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What Is an LMS (Learning Management System)?

Adam Uzialko
Adam Uzialko
Editor
Business News Daily Staff
Updated Jan 23, 2023

Many organizations use a learning management system to give employees opportunities for expanding their professional development.

  • Learning management systems are software platforms for on-site, remote and on-demand cloud-based training. 
  • Managers use LMS solutions to track and confirm training compliance and adjust the focus of future training materials.
  • LMS resources are available in various pricing models with monthly, per-user or per-course payment options.
  • This article is for business owners and hiring managers who are seeking efficient training resources and evaluation tools for new hires and employee development.

With online learning a mainstay of education across all levels, it makes sense that businesses would incorporate this technology into their training and professional growth systems. In fact, many companies are integrating cloud-based learning management software to create, administer and distribute specific courses to train new employees and track current employees’ progress and performance. 

We’ll dive deeper into learning management systems and explain how businesses can use LMS resources to incorporate this effective employee training tactic into their organizations. 

What is a learning management system (LMS)?

A learning management system is a powerful training and professional development software resource that organizations of all sizes can incorporate into their employee onboarding process. Many LMS platforms are hosted in the cloud, allowing for remote access. 

An LMS combines database management within a digital framework to manage curricula, training materials, evaluation tools, course scheduling, regulatory compliance and more. 

LMS software can help you control learning, development and training while allowing you to set clear expectations for employees about their progress. 

Did you know?Did you know?: Businesses that encourage professional development among their employees see reduced employee turnover and increased satisfaction and engagement.

Who benefits from an LMS?

Many elements of an organization benefit when the company incorporates a learning management system into its training and professional growth education programs.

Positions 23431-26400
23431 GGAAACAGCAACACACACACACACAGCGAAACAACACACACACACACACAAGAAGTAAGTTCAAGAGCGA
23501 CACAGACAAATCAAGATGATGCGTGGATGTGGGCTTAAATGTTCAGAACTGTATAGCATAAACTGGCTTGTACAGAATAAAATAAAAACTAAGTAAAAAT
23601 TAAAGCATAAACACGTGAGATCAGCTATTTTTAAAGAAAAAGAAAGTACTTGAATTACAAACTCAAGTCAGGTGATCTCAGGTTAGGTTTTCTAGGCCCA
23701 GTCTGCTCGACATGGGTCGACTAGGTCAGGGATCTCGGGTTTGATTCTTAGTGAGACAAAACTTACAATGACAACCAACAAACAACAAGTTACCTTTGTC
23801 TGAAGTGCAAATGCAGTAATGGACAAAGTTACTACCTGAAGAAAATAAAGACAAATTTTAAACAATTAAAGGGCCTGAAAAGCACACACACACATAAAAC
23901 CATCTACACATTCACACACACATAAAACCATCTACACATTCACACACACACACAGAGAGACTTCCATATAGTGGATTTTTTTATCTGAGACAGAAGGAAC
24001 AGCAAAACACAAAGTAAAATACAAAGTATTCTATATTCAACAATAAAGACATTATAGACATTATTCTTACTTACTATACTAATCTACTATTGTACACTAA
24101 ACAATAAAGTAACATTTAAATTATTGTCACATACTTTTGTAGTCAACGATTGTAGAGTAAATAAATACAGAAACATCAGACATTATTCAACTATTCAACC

• Employees: Employees benefit from an LMS because they receive well-thought-out, uniform training and education that set them up for success in the company. They also gain in-demand career skills to help them map their career path. With e-learning materials managed and stored in a single interface, employees can access required training on demand. And because an LMS is usually stored in the cloud, employees can train remotely. 
  • Managers: Managers benefit from an LMS because the programs help them seamlessly track and monitor employees’ progress. The LMS can generate reports to show everyone’s progress with required courses and training materials. With scoring reports, managers can see who performed well on tests and who needs additional support. LMS resources also help ensure compliance with any training regulations. Additionally, department heads can ensure employees complete specific training courses before starting a new job. 
  • Organization: The entire organization benefits from developing a training program that is efficient, uniform and large-scale. Learning management systems are flexible and scalable, so businesses can add and eliminate courses and materials as needed. They can update content to keep employees abreast of the latest industry developments and remove materials that are no longer relevant. Additionally, the organization can provide specific customer training so its employees are well versed in how a product or service operates. This training enhances sales and customer service efforts and ultimately boosts customer satisfaction. 

What are the components of an LMS?

Learning management systems are highly customizable and scalable, so there’s no specific list of components that define an LMS. Although there are standard features, a learning management system’s full capabilities vary by organization and intended usage. 

In general, an LMS can do the following:

  • Create class rosters, control registration and build waiting lists
  • Upload and manage curriculum content
  • Deliver course content over a web-based interface for an entirely remote educational experience for instructors and students